Screw it, I like talking
So as you can see, the RIO pit is subdivided amongst two major screens. The top screen is the Digital Data Display, or DDD. This is a raw representation of what the radar is seeing, and will be mostly comparable to what you see in say, the F-15 (with some major caveats). Neglecting the PD and P Search modes, this screen should display information in a B-Scope. In non doppler modes, expect it to return reflections of clouds, terrain, and everything else.
The console immediately surrounding the DDD are controls for manipulating the radar. The right side is for choosing radar search modes. The RIO has is pick of Pulse and Pulse Doppler Search, Range While Scan, Track While Scan (Manual and Auto), and Pulse and Pulse Doppler STT. Above the DDD are a series of push buttons to select range, options being 5, 10, 20, 50, 100, 200.
The left side of the console is used manipulate the logic by which the radar filters contacts. The RIO has control of the gain of the radar in (non doppler) pulse modes, and while I’m not 100% sure, it looks like he’s able to manipulate the thresholds for clutter rejection and jamming noise for pulse doppler modes. What is automated (and outright abstracted in FC3) in later radars of the era, your back seater has direct control over in the F-14. Put another way: if you have someone who knows what he’s doing back there, it will be much harder for bandits to hide from you, if you have a rank newbie, your potential for struggle will be much higher.
The lower screen is the Tactical Information Display or TID (colloquially known as the “Fishbowl”). The TID is an aggregated display of what the radar sees in PPI format, with additional information fed in from the Link 4 datalink and other sources. The TID as pictured shows 50 mile scope (each “link” of the dashed line is representative of 20 miles of scope, 2.5 lines = 50 miles). The numbers along the left side show the minimum and maximum altitudes of the current scan zone, as well as the current angle of the radar. The bar of information at the top current (should?) display current aircraft speed and heading. When a radar contact is selected, it will display the contacts aspect, altitude, speed. More or less information, including jamming strobes, dynamic launch zone indication (DLZ), and data link information can be displayed, but this is chosen by the RIO on a panel just below (not shown). Additionally the TID is where feed from the AAX-1 Television Camera Set is shown when that sensor is selected. Contacts can be “bugged” via the TID or the DDD, and they will shown on both displays as selected.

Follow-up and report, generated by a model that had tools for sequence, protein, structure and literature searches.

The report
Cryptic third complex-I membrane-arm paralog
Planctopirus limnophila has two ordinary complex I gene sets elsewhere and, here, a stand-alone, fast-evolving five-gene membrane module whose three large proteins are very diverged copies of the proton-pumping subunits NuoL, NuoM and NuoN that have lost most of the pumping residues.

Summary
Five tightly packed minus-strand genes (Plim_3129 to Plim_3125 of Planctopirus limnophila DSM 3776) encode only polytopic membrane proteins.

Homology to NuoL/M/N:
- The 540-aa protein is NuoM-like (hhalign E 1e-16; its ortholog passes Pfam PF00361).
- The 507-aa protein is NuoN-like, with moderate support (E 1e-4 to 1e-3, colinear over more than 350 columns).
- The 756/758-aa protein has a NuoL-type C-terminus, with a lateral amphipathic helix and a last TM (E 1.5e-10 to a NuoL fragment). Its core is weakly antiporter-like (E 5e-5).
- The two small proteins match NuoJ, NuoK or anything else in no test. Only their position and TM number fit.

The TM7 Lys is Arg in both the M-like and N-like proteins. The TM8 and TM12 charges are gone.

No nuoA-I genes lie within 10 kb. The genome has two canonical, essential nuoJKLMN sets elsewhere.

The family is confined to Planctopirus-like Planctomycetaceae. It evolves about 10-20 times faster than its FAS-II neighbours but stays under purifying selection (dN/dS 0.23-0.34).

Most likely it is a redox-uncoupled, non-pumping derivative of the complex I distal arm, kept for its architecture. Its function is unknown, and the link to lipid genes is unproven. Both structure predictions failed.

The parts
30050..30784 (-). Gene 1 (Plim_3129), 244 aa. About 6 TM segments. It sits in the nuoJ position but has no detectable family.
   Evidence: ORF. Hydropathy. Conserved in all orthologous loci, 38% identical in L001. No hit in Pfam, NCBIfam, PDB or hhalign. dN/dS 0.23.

The other notable thing in this shot is the AWG-15 weapons control panel prominently seen on the left side of the cockpit. This is where the RIO manages stores (for jettisoning, etc.), configures fusing for the missile, and launches the AIM-7 or AIM-54. There are also a number of switches pertaining to air to ground weapons (fusing, release quantity, delay, etc.). Until the 90s, this was a vestigial remnant of the original program specification that the Tomcat be AG capable. This functionality was cut in the early 70s due to budgetary constraints, and would not be fully pursued until the end of the cold war. Here’s an F-14A Prototype hauling 14 Mk-82s to make your afternoon.
The more you know…